Mar 14, 2022
Building a Case for Literacy and Rebuilding a City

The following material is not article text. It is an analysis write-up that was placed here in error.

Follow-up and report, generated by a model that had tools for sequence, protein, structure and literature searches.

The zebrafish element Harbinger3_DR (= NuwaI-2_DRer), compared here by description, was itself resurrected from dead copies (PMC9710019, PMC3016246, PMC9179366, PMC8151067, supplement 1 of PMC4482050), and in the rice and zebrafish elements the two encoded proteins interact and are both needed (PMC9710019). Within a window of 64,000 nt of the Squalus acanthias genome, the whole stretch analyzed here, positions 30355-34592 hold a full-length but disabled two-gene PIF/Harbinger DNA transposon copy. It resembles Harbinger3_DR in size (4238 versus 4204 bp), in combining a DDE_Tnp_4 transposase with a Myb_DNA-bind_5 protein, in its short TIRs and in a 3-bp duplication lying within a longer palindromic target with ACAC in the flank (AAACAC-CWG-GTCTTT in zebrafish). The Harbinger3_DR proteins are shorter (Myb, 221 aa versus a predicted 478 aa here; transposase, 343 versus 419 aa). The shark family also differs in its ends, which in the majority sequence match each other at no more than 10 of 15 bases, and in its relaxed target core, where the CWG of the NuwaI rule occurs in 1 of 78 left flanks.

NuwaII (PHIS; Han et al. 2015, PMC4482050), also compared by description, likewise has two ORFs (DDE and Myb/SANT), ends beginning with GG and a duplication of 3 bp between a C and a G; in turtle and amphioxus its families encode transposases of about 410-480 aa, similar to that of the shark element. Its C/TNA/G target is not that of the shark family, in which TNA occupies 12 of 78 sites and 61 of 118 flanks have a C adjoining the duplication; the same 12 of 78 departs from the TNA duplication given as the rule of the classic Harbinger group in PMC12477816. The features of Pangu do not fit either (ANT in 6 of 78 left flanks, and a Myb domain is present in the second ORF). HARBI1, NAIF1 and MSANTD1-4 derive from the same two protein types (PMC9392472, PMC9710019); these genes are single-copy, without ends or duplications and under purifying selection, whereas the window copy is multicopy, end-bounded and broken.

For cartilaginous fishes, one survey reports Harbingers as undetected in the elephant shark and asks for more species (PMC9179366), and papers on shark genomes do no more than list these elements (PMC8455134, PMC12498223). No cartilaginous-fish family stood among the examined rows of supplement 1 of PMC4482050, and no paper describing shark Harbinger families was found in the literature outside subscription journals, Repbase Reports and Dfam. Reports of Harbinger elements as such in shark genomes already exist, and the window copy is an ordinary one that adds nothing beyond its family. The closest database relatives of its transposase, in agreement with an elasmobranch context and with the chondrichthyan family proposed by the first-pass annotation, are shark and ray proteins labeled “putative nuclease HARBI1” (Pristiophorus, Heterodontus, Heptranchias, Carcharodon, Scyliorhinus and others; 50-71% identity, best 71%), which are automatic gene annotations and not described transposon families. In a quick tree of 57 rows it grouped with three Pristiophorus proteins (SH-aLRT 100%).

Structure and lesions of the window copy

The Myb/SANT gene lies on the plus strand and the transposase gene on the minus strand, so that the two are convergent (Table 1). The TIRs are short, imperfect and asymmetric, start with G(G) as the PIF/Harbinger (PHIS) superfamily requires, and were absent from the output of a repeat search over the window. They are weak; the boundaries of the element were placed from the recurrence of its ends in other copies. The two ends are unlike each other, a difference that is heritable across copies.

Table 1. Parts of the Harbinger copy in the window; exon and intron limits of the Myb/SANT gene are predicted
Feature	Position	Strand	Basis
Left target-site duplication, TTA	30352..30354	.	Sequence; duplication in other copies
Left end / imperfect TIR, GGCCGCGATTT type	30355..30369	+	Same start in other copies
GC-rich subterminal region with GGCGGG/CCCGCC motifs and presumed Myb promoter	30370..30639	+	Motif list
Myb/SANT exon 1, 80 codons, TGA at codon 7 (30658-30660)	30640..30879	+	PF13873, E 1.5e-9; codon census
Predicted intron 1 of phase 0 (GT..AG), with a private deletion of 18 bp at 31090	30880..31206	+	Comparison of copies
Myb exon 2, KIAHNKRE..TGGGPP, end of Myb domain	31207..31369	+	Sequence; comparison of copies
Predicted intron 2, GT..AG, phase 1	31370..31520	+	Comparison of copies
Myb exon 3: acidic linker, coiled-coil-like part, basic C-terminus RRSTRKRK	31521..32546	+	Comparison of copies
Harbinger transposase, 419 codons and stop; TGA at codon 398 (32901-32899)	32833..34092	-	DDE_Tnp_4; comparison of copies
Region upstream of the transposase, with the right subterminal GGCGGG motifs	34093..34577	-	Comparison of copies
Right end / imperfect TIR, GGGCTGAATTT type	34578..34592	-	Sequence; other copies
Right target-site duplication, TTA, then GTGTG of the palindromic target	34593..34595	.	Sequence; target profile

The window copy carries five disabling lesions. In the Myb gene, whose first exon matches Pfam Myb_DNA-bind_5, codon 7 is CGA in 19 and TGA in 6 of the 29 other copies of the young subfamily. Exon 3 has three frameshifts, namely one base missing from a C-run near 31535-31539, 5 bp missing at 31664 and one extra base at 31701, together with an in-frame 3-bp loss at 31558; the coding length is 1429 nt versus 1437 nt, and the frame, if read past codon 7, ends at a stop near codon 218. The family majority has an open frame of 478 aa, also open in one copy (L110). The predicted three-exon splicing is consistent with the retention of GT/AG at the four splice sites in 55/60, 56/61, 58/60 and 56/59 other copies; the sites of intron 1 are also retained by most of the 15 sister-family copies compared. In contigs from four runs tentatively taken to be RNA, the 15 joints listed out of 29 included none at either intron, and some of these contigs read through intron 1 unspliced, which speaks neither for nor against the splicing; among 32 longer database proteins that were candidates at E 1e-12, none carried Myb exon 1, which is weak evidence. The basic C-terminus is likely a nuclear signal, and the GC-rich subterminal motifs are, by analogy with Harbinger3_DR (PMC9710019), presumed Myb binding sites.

On Tuesday March 1, Literacy Inc. (LINC) staff testified in front of New York City Council on behalf of immigrant families and children and discussed the impact of COVID on English Language Learners (ELL). Senior Director of Community and Family Mobilization, Albania Jimenez spoke on LINC’s programming; City’s First Readers Manager, Meredith Jones explained the effective strategies of City's First Readers (CFR); and Chief Organizational and Community Advisor, Debora Mulrain described the rapid responses of the NYCReads Initiatives. These testimonials addressed the benefits of reaching English language learner (ELL) students early and viewing early literacy as an essential response to the pandemic. We knew long before COVID that early literacy programming, especially for children five and younger, is an effective preventive measure, mitigating the effects of structural inequities and preparing students to enter school ready to learn. The experiences that are precursors to reading – singing, talking, drawing, playing, and being read to – prepare children to love reading and acquire proficiency by the time they are tested in school. An early literacy program may not seem to be a high-priority public response to COVID when stacked up against such needs as housing, addressing food insecurity, and job creation. However, there is a large social-emotional benefit and an enormous equity factor to providing access to early literacy, in addition to the value of daily reading for skills acquisition. LINC directly targets the enormous learning gap that COVID has exacerbated, equipping immigrant families with the tools to become community leaders and empowered parents. LINC provides books to build home libraries and strategies that parents/caregivers can use regardless of their capacity to read or speak English. Long-term investments in immigrant families with children five and under is a preventative approach that can ultimately mitigate the negative impact of the pandemic. Prevention beats intervention every time. Expecting our city’s education or health institutions to address all the variety of English language learners’ needs is not realistic nor effective. LINC’s model provides holistic, family-based approaches that ensure reading extends beyond the classroom. Early literacy must be an important and essential part of our city’s pandemic response to rebuild a more equitable city. Thank you to our advocates, Albania, Meredith and Debora for making the case – early literacy is essential in rebuilding our city. To view LINC’s latest virtual literacy programs, visit: www.lincnyc.org/onlineprograms.